Rawtenstall, May 2019
I’ve played plenty of escape rooms where I’d been falsely accused, and had to clear my name. Corruption takes a far more original approach by turning that premise on its head: you are guilty, and you’re urgently trying to sanitise all the incriminating evidence before the cops turn up and arrest you all.
That’s a distinctive and unusual idea for a game, and the way it’s designed is equally distinctive and unusual. With a variety of tricks (most of which I’ll avoid detailing here) the venue ingeniously blurs the boundaries of game and reality, throwing you into the experience in a way that’s vastly superior to the typical start of “this is the story, here’s your room, good luck”.
If you like your escape rooms to be perfectly efficient with no item or marking going unused, then the busy clutter of Corruption might not suit you, but if you put a higher value on realism and atmosphere, then you’ll love it. The garage style decor is as packed with random vehicle parts and tools as any real-world toolshed, and with our reliably poor observation and search skills we struggled rather a lot with the earlier parts of the game – particularly after I committed an unforgivable escape room sin by unplugging something I shouldn’t have.
The ‘find a code and put it in a padlock’ style of many of the puzzles seemed sometimes at odds with the very realistic, immersive style of the setting. That discrepancy left me initially a bit uncertain how to approach the game – how much to look for ‘escape room style’ clues and how much to think along ‘real world’ lines. However, that wasn’t a problem with the puzzles themselves, which were clear and clever. I often find myself overthinking a solution; at Lucardo Rawtenstall I found I was just as likely to have underthought a solution, where I guessed it would work in one way and it turned out to be something more complex or subtle. As we got further into the game we started to get more of a sense for it and progressed more smoothly, and eventually scraped to the end just ahead of the time limit.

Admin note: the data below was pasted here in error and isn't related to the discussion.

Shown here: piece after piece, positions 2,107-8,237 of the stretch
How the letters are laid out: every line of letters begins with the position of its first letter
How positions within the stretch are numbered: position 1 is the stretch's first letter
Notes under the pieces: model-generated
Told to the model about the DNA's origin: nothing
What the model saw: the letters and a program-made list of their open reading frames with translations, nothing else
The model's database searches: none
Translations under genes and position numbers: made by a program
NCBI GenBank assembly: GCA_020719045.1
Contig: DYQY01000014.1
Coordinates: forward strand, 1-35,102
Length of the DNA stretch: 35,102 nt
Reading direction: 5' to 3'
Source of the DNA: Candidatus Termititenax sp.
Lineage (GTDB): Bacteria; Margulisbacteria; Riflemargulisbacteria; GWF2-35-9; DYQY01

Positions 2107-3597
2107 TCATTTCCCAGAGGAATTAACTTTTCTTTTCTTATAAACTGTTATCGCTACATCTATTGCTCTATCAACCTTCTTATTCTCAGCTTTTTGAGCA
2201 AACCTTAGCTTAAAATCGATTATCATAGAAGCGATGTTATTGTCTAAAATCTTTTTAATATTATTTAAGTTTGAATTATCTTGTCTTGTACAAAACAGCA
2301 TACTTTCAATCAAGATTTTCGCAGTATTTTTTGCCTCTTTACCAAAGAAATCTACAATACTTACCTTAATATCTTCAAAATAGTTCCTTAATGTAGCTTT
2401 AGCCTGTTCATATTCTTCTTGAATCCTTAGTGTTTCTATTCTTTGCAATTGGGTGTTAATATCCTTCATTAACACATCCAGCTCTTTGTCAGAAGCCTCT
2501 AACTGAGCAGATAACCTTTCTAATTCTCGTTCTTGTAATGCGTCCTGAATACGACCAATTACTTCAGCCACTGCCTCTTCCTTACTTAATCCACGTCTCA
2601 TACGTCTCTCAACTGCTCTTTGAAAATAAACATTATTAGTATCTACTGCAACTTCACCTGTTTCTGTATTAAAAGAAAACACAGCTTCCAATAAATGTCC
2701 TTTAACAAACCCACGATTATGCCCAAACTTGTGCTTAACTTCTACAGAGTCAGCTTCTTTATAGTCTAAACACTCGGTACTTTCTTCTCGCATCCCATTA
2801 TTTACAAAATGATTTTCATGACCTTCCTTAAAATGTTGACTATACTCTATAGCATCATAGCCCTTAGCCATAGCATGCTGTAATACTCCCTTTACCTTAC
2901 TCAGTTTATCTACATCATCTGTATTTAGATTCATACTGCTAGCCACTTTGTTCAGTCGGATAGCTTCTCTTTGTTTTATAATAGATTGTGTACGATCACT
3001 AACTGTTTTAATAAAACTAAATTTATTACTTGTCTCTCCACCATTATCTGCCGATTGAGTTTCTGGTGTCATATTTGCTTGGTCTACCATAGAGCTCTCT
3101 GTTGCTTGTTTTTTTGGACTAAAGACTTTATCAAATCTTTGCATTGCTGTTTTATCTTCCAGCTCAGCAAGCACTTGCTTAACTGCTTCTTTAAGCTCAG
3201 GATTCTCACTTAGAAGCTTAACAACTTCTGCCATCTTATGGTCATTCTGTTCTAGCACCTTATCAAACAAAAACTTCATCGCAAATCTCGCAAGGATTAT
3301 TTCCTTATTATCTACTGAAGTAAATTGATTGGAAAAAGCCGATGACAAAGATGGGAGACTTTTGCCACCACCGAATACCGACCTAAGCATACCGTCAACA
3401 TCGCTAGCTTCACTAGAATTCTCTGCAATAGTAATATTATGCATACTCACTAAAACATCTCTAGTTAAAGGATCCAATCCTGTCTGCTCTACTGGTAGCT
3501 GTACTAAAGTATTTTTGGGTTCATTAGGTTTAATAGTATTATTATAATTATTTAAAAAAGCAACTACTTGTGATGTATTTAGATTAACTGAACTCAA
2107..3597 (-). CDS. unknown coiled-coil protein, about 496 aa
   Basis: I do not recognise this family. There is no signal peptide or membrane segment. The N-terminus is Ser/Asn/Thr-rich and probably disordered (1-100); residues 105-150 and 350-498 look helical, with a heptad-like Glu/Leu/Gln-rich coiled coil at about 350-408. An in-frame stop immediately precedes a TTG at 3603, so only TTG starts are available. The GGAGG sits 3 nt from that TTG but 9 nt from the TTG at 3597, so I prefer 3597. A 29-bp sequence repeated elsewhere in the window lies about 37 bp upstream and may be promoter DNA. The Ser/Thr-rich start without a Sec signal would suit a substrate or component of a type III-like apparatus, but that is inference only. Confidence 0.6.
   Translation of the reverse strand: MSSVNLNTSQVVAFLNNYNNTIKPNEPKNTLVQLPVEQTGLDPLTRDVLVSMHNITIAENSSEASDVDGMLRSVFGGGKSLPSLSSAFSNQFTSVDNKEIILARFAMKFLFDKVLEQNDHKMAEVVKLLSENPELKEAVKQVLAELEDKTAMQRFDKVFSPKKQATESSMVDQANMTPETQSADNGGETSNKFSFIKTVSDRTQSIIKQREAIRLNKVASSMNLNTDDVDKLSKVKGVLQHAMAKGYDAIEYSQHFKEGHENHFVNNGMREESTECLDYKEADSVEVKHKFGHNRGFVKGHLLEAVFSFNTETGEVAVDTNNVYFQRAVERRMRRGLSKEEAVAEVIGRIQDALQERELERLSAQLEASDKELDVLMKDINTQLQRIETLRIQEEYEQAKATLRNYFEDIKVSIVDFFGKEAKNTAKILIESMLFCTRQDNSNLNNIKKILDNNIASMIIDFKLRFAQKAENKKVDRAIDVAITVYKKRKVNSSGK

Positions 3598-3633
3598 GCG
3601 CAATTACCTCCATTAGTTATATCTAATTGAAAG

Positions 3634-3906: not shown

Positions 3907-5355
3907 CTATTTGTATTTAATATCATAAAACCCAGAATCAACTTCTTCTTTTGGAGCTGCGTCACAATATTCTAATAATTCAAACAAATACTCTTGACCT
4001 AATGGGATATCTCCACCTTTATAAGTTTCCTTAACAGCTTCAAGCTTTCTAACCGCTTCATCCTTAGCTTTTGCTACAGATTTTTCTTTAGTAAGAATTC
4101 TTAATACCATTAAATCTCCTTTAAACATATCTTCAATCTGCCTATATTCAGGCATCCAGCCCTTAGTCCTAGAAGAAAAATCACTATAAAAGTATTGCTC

Even if we had trouble getting into the flow of the game initially, it never ceased to be an interesting game that impressed on both style and substance. Strip away the immersive presentation and it still boasts solid, imaginative puzzles, a novel plot line and a lovely set. On top of that the inspired way it’s operated makes it quite special.
Our gamemaster afterwards asked me which of the two rooms we’d played I had preferred, and my immediate choice was their gorgeous Dragon’s Heart game. But on careful reflection, although both were superb, I might give the edge to Corruption. It’s not as immediately pretty, but for story and drama, and sheer quality of design, it more than justified our long journey to Rawtenstall.